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ARCH annual report

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The ARCH annual report for 2015-16 is now available to view.

 

Download it here.

Parliamentary briefing issued with NFA 02/02/2017

Following publication of our joint Welfare Reform survey, we've issued a briefing to Members of Parliament and the House of Lords.


Since its introduction in April 2013, ARCH and the National Federation of ALMOs (NFA) have been monitoring the impact of Universal Credit on levels of rent arrears of households living in council owned homes. Our latest analysis reports information as at 30 September 2016, and is the most recent report in the ongoing joint research.

 

Our latest joint research report published on 16 January 2017 charts the impact of Universal Credit on the rent arrears of households living in council owned homes. More than two and a half years on since its introduction, Universal Credit continues to have a devastating impact on those households and their ability to maintain rent payments. Also, problems experienced by Universal Credit claimants have not subsided but have dramatically worsened.

 

The Parliamentary Work and Pensions Committee held a one-off evidence session on Monday 23 January and heard from a panel of experts and representatives from charities, landlords and local authorities on progress in introducing Universal Credit and what impact it is having.

 

  • Nick Atkin, Group Chief Executive, Halton Housing Trust.
  • David Finch, Senior Economic Analyst, Resolution Foundation.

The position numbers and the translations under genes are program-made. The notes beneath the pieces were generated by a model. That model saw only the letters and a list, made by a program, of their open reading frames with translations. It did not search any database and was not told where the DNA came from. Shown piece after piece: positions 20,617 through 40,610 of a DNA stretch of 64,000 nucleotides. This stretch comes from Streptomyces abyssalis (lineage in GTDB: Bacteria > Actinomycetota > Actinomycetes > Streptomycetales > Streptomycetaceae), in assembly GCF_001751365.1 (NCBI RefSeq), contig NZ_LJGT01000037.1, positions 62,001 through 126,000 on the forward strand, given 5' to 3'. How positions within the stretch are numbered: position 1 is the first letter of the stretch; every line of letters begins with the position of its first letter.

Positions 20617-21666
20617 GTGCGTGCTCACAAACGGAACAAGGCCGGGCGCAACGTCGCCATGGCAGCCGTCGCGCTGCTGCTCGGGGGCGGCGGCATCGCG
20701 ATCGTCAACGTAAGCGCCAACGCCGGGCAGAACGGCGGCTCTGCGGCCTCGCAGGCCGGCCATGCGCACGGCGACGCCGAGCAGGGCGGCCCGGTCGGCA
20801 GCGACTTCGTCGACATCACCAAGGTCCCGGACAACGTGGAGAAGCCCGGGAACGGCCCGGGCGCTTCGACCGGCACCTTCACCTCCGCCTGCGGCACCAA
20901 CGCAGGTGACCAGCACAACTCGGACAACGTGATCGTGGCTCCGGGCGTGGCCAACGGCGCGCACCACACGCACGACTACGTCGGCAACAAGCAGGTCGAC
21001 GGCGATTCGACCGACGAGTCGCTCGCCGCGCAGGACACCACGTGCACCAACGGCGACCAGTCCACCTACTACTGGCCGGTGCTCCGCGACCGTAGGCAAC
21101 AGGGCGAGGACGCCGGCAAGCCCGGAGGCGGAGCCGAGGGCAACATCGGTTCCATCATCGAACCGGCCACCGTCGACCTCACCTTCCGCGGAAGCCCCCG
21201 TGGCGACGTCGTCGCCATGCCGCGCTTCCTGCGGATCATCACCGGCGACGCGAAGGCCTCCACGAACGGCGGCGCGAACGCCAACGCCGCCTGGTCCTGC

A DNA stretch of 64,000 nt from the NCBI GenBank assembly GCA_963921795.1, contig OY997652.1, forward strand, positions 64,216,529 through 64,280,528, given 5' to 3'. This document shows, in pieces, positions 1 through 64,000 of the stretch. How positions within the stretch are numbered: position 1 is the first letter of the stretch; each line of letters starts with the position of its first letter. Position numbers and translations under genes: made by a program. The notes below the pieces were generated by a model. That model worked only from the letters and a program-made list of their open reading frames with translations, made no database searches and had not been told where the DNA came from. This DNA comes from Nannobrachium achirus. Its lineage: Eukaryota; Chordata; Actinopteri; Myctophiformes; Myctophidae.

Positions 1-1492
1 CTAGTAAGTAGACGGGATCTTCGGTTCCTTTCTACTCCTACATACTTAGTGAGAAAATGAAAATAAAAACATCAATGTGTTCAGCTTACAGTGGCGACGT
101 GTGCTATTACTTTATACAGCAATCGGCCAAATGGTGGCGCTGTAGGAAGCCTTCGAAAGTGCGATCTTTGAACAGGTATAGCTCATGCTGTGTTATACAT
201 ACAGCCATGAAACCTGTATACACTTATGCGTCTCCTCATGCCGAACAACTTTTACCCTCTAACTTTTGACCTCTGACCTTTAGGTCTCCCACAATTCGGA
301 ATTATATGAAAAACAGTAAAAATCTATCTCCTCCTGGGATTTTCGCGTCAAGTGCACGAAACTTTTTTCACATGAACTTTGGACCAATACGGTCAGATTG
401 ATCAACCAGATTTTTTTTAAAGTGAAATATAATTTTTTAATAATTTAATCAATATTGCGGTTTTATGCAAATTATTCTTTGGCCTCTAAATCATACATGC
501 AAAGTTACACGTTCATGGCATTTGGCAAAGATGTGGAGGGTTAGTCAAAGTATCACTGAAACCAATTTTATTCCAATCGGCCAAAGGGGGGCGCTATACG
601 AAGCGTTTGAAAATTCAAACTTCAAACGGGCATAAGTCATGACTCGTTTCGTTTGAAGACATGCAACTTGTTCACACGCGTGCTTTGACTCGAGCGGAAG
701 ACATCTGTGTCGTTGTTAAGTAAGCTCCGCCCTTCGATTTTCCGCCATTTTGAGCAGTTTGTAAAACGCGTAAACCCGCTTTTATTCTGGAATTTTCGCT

• Mark Fowler, Director of Gateway and Welfare, London Borough of Croydon (ARCH member).
  • Martin Williams, Welfare Rights Worker, Child Poverty Action Group.

 

The session focused on the following topics:

 

  • How Universal Credit has changed from its original inception, and what effect this has had on its ability to deliver against its aims.
  • How well Universal Credit supports claimants in a changing economy that includes increased prevalence of zero-hour contracts, self-employment and in-work poverty.
  • The impact on claimants of in-work conditionality, sanctions and receiving a single payment in arrears each month.
  • The knock-on effect of introducing Universal Credit on other organisations, such as local authorities and housing associations.

 

Watch the evidence given to the Works and Pensions Committee.

 

ARCH and the NFA has reinforced some of the evidence submitted to the Work and Pensions Committee by circulating a Parliamentary Briefing on our latest Welfare Reform survey.

 

However, in a speech to the National Housing Federation's Welfare Reform Conference in January, Caroline Nokes MP (Under Secretary of State for Welfare Delivery) gave no indication of any likely policy change from the government - particularly in allowing Universal Credit recipients to have the choice of asking for their rent to be paid direct to their landlord when she said:

 

"Universal Credit is a transformative change in helping people to break free from benefit dependency. A crucial part of this increased independence is paying housing costs as part of the overall Universal Credit payment, direct to the claimant. Enabling people to stop saying 'the council pays my rent,' and - instead - to say 'I pay my rent'."

 

Read the full transcript of the Minister's speech.

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